Use of digital forensics raises questions in Reuters case

21 July 2018
Use of digital forensics raises questions in Reuters case
Detained Reuters journalist Wa Lone (2-R) is escorted out of court by police after his trial in Yangon, Myanmar, 17 July 2018. Photo: Nyein Chan Naing/EPA

While the case that recently went to trial against jailed Reuters journalists Wa Lone and Kyaw Soe Oo has revolved around alleged physical documents in their possession, the seizure of the pair's phones has also raised serious questions about the handling of digital evidence.
Defence lawyers say that what has been submitted in court is only a fraction of what was extracted from the phones – obtained with the help of what is known as a Universal Forensic Extraction Device (UFED), a piece of cutting-edge technology manufactured by the Israeli company Cellebrite.
As seen in samples available online, forensic reports generated by Cellebrite's UFEDs commonly run more than 1,000 pages in length for a single smartphone and contain call logs, SMS messages, voicemails, GPS data, user files, and the ability to identify deleted items for retrieval.
So far, all that has been submitted as phone evidence in the Reuters case have been printed copies of 21 documents, containing “allegedly confidential government letters and plans for the development of an island off Myanmar’s west coast for tourism,” according to Reuters.
Defence requests for digital copies of the documents and communication records prior to the reporters' December 12 arrest have been rejected by Judge Ye Lwin. The reason given was that prosecution witness and IT expert, Police Major Aung Kyaw San, had already shown that the process had been “systematically” conducted.
While Cellebrite claims that the integrity of digital evidence can be maintained in part through the use of radio frequency-shielded bags upon seizure, this measure was apparently not taken in the case of the Reuters journalists. 
Defence lawyer Khin Maung Zaw told the court on May 29 that Wa Lone's phone had been used to send a single WhatsApp message – “OK” – after the reporters' arrest.
The defence also claims that the location of the phones while in transit from Yangon to Nay Pyi Taw after being seized by police could be easily tracked online, meaning there is no guarantee they were not tampered with remotely or in-person following the arrest.
Police Major Aung Kyaw San said he was not aware of the WhatsApp exchange, or of anybody having access to the phones who was not designated as part of the investigation, according to Reuters.
Without being able to make use of call logs that may be contained in the Cellebrite data, and with requests to have phone records submitted as evidence denied on July 16, defence lawyers said they plan to make a second attempt when a witness from Myanmar telecom Telenor is called to testify.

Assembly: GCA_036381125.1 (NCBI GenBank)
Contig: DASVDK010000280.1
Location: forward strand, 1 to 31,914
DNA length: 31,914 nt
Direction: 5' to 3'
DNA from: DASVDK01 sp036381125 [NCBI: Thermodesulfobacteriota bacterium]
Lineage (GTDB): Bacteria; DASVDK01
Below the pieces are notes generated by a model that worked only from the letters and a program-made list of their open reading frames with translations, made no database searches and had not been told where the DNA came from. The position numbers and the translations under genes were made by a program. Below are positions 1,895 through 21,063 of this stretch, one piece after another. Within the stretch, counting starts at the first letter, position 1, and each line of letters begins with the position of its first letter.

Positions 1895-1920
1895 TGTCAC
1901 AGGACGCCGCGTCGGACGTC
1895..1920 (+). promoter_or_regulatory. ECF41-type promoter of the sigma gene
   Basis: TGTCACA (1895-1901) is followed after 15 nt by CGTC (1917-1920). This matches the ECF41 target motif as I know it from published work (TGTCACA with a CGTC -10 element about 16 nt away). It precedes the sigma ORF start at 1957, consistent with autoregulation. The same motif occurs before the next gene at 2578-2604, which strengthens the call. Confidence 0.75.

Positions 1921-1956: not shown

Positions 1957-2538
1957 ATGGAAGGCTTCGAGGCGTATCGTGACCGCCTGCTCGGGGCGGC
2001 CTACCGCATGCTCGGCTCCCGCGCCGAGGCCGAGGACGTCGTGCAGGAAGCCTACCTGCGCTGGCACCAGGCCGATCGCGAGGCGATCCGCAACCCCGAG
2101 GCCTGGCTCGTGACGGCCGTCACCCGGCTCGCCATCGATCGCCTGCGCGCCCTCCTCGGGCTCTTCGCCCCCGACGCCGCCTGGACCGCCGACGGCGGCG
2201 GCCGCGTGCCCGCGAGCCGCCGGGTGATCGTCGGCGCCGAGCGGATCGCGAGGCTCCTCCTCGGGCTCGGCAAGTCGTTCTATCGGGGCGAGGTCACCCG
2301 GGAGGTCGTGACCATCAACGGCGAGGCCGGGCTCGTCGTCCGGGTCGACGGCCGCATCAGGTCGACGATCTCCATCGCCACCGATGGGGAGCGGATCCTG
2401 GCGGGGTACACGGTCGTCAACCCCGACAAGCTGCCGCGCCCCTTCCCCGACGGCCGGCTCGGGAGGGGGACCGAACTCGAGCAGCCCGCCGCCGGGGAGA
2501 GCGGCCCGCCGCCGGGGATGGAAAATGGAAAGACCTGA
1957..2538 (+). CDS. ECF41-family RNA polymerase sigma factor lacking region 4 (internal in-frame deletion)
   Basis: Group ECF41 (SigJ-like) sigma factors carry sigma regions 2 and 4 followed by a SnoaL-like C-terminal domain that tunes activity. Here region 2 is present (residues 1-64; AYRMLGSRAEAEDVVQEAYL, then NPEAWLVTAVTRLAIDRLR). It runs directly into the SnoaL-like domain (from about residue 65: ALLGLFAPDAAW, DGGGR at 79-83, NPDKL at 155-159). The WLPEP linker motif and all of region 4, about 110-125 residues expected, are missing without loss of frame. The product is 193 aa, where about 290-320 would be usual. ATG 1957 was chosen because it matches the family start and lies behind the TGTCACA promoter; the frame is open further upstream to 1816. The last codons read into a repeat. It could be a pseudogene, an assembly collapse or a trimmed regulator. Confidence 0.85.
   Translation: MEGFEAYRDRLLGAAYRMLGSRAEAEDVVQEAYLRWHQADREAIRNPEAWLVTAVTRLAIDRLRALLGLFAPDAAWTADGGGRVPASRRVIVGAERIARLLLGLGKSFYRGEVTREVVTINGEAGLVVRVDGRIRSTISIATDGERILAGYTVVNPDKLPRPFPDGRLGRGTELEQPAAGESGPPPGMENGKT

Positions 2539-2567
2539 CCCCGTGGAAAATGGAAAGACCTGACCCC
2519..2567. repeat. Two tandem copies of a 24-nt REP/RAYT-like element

Myanmar ICT for Development Organisation (MIDO) executive director Htaike Htaike Aung, who attended several hearings as a court observer, noted that there is a lack of legal framework in Myanmar for the use of these powerful tools in criminal investigations.
“In other countries, in ideal scenarios there are processes and procedures that investigative bodies have to follow when they are conducting digital forensics. I doubt that is the case in Myanmar,” she said.
When it comes to the issue of warrants in the Reuters case, Police Major Aung Kyaw San told the court in a May 28 hearing that this did not apply to the data extraction due to charges being brought under the Official Secrets Act – bringing a colonial-era law into a high-tech context.
Cellebrite, founded in 1999 in Petah Tikva, Israel, began selling handheld UFEDs in 2007 and has seen remarkable growth in recent years, placing it well above its competitors as the leader in the global digital forensics market.
With customers in more than 100 countries and bold claims made earlier this year that it had gained the capability to unlock nearly every iPhone on the market, reactions to Cellebrite's offerings from law enforcement and privacy advocates have been at opposite ends of the spectrum.
While it is not public information how long UFEDs have been used in criminal investigations in Myanmar, Cellebrite-generated data have been presented as evidence in cases dating back to 2016, according to MIDO.
As a final verdict on whether Wa Lone and Kyaw Soe Oo will be found guilty of violating the Official Secrets Act and face a maximum sentence of 14 years in prison approaches, contradictory testimony concerning an alleged plot to entrap the reporters could make digital evidence a deciding factor.